What Game Theory Has Revealed To Me About Group (Gang) Stalking with Electronic Torture

This post has been edited for grammar and sources listed 11/15/2021; 10:02 AM EST

(1) It’s possible to have multiple players constitute one player (Brams, 2012, Burger and Blackmun, pg. 130) when opponent choices are aligned with high probability statistics revealing similar outcome choices, they can form one common player. This is because when players always vote similarly to one another, game play becomes axiomatic. This also helps explain the presence of veiled players in a game that are unbeknownst to an opponent player like in games of espionage and stalking games. In particular, stalking games that utilize proxy accomplices. This is the academic information rooted in game theory that is required to support the existence of a conspiracy theory.

(2) There is something called Deterrent Threat Outcomes (DTO) in game theory. DTOs are defined as the threat of force required to discourage an opponent from taking an unwelcomed action or move. This can be achieved through deterrence by punishment. In my case, electronic torture or ET. Or it can be achieved through deterrence by denial which is the amount of force required to prevent your opponent from achieving his/her goals in “the game" (Brams, 2012, pp. 159–183). As such, electronic torture achieves both aims of punishment and denial and thus, when utilized in a game, can be considered a DTO (guaranteed best possible outcome for a dominant strategy in the game). I specifically gleaned this information from Brams' analysis of Frustration Games in literary plays. When you think of electronic torture think of service theft deterrent systems installed in today’s modern automobiles. Except with electronic torture, they are installed in human bodies. Thus, they are a DTO that guarantees a dominant player’s best possible outcome by utilizing this particular dominant strategy in “the game.”

(3) Although emotions are often considered not to be the product of rational calculations, Brams made a formal analysis showing how emotions enable a person to move to an inferior state, if only temporarily, in order to effect a better final state, thereby allowing them to render a rational expression of judgement. The key analysis here is “emotional state" which equals “inferior state”. Emotional manipulations by unconscionable people (psychopaths) aware of the inferior state and inferior power of emotions allow such person’s to create for themselves what is known in game theory as “threat power" or “dominant threat power", see also “compellent threat" and “deterrent threat" (Brams, 2012, p. 155, states his analysis on emotions focus on the role of how they play out on an individual level). This information in game theory aligns itself with the phenomenon’s common narrative as to the perceived goal for utilizing electronic torture in game theory which is “to move targeted people into therapy or to move them toward a classification of “disabled/mentally ill” with the goal of acquiring cash grant benefits and government subsidies (Sheridan, 2020).” In game theory, the term “comply” (C) or “defy" (D) are used respectively.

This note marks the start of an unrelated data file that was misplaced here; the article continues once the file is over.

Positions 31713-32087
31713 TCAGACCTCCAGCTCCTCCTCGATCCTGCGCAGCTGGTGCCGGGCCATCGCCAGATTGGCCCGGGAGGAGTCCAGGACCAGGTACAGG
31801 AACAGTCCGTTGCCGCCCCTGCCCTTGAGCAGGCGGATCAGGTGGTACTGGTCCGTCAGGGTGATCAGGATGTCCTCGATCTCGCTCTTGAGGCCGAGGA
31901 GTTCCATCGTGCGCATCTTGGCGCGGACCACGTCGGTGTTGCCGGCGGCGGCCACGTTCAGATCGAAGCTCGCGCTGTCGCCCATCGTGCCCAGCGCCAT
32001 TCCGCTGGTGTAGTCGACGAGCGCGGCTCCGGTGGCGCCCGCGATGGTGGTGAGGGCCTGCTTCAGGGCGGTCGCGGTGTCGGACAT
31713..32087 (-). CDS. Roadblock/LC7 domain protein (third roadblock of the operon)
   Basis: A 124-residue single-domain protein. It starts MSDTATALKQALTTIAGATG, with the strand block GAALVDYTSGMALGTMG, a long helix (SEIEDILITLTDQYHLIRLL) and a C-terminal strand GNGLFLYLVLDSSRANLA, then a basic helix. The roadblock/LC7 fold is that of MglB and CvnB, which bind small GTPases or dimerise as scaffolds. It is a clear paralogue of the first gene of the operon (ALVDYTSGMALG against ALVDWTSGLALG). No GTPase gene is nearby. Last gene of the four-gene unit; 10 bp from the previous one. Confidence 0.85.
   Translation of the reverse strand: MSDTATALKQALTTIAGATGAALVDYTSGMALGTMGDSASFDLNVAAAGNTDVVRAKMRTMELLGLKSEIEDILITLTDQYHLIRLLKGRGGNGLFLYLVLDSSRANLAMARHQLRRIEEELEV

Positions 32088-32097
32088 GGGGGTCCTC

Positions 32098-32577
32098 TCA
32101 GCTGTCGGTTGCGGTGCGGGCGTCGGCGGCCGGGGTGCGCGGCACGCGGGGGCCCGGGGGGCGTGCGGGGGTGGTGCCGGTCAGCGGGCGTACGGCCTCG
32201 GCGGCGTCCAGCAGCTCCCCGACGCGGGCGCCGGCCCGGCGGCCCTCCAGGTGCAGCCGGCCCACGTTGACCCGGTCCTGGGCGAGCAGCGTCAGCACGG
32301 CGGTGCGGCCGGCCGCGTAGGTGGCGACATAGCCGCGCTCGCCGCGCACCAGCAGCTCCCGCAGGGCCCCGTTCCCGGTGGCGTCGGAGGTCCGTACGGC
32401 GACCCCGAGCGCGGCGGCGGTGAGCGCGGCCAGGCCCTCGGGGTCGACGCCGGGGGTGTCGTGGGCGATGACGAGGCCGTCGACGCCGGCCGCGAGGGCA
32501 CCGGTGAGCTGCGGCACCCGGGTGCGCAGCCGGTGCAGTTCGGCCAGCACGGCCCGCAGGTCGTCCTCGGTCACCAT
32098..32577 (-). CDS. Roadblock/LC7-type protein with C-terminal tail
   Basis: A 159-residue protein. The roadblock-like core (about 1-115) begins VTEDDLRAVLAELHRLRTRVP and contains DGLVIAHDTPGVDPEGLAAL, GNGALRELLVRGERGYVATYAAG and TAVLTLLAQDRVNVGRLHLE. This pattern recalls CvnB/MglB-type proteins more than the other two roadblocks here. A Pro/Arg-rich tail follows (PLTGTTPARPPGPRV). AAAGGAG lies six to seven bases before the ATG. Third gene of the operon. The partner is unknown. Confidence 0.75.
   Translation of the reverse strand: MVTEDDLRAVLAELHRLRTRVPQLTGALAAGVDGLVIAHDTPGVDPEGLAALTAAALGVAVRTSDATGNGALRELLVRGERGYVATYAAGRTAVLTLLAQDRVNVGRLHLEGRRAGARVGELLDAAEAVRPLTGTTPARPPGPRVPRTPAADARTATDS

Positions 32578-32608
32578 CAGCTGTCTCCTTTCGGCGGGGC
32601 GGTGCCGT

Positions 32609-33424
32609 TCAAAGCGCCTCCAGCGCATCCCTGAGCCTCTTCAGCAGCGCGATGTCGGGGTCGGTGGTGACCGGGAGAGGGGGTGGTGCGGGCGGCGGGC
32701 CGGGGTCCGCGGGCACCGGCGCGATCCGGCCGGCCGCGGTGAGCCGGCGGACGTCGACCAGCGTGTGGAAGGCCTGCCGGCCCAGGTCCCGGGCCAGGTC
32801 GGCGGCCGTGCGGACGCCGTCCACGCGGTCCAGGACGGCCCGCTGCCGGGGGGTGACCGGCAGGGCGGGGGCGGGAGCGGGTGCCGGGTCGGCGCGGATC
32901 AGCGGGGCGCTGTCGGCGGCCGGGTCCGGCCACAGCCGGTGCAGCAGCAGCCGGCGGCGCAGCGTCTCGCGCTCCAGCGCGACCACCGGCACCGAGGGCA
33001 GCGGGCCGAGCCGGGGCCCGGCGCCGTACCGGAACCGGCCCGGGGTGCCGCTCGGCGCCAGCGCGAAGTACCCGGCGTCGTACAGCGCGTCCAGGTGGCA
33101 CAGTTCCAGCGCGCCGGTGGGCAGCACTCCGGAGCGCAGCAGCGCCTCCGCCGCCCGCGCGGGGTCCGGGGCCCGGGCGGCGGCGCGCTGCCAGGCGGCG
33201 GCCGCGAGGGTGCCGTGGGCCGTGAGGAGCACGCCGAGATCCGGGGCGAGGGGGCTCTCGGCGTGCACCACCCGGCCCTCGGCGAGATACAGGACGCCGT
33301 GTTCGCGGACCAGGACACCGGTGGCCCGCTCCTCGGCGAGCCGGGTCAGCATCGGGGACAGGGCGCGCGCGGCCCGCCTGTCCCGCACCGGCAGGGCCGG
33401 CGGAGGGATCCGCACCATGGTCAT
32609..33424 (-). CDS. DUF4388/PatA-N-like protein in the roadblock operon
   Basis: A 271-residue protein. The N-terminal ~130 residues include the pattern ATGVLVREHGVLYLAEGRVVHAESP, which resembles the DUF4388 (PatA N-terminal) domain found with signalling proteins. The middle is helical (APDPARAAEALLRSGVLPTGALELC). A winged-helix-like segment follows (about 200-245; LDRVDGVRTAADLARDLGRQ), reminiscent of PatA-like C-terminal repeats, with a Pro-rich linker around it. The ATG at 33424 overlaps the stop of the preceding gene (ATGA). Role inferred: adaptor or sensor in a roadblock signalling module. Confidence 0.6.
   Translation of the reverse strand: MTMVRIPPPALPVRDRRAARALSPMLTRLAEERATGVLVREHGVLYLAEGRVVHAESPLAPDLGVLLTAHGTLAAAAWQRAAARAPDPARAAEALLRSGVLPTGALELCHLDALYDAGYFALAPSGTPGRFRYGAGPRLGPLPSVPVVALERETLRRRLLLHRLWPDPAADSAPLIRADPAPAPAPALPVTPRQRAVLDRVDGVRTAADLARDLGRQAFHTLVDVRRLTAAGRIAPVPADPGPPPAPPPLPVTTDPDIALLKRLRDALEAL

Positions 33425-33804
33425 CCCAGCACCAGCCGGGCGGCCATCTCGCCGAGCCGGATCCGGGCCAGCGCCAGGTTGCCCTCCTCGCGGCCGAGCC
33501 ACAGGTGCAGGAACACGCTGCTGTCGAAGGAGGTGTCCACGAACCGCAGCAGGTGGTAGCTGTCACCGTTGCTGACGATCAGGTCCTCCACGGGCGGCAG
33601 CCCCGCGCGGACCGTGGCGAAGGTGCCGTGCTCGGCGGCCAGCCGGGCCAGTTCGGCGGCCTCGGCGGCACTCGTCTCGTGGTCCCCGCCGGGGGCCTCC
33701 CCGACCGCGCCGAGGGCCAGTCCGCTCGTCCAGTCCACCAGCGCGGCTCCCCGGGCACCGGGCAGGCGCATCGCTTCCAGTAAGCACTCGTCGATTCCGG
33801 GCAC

If one considers the historical purpose behind acts of torture it has always been used as a dominant strategy by authorities (people with political power) to turn people’s free will, test loyalty, to induce long lasting psychological damage, or to kill (Murphy, 2012; Brams, 1980, pp.78–89, see Games of Protracted Conflict). In regard to “The Lesser Tradition of Specialized Torture” the outcome leaves no physical evidence. That is no physical scars or markings, but rather it can create long-term psychological damage in victims suffering its ill effects.

Furthermore, since humans are often passionate (and passion requires emotions) in their personal pursuits, it seems one of the goals to the phenomenon of electronic torture is to undermine achievements made by the target opponent and/or to undermine more common place goals of the target opponent such as well-being, safety, mental health, and general health.

(4) There are distinct “structural features” in the analysis of “Frustration Games” labeled “conflict games" which psychological theories say little. In these games, a player’s lack of control provide the “advantaged player” with dominant strategy that inflicts the two worse outcomes on the “frustrated player.” The game’s title gives its definition away. It is defined as follows, “a player’s frustration arises from being prevented from accomplishing a purpose or fulfilling desire. In a two-person game of frustration, the frustrated player is aggregated by a “freely acting agent" who blocks the frustrated player’s preferred choices (Brams, 2012, pg.156). A slang term for this is also called “cock blocking". This theory in game analysis also provide logical, reasonable, and rational proof that another player’s calculations, in the theory of moves (TOMs), could quite possibly be the result for another player’s electronic torture (suffering) and not the result of that player’s “mentally ill imagination.” Recently, the use of electronic torture has come under scrutiny by concerned individuals who have placed their disabled children (autistic) in residential education facilities (see the following articles: https://www.washingtonpost.com/posteverything/wp/2014/07/22/its-illegal-to-torture-prisoners-and-animals-but-not-disabled-people/ AND https://www.amnesty.org/en/latest/press-release/2019/06/5-tools-of-torture-which-need-to-be-banned/).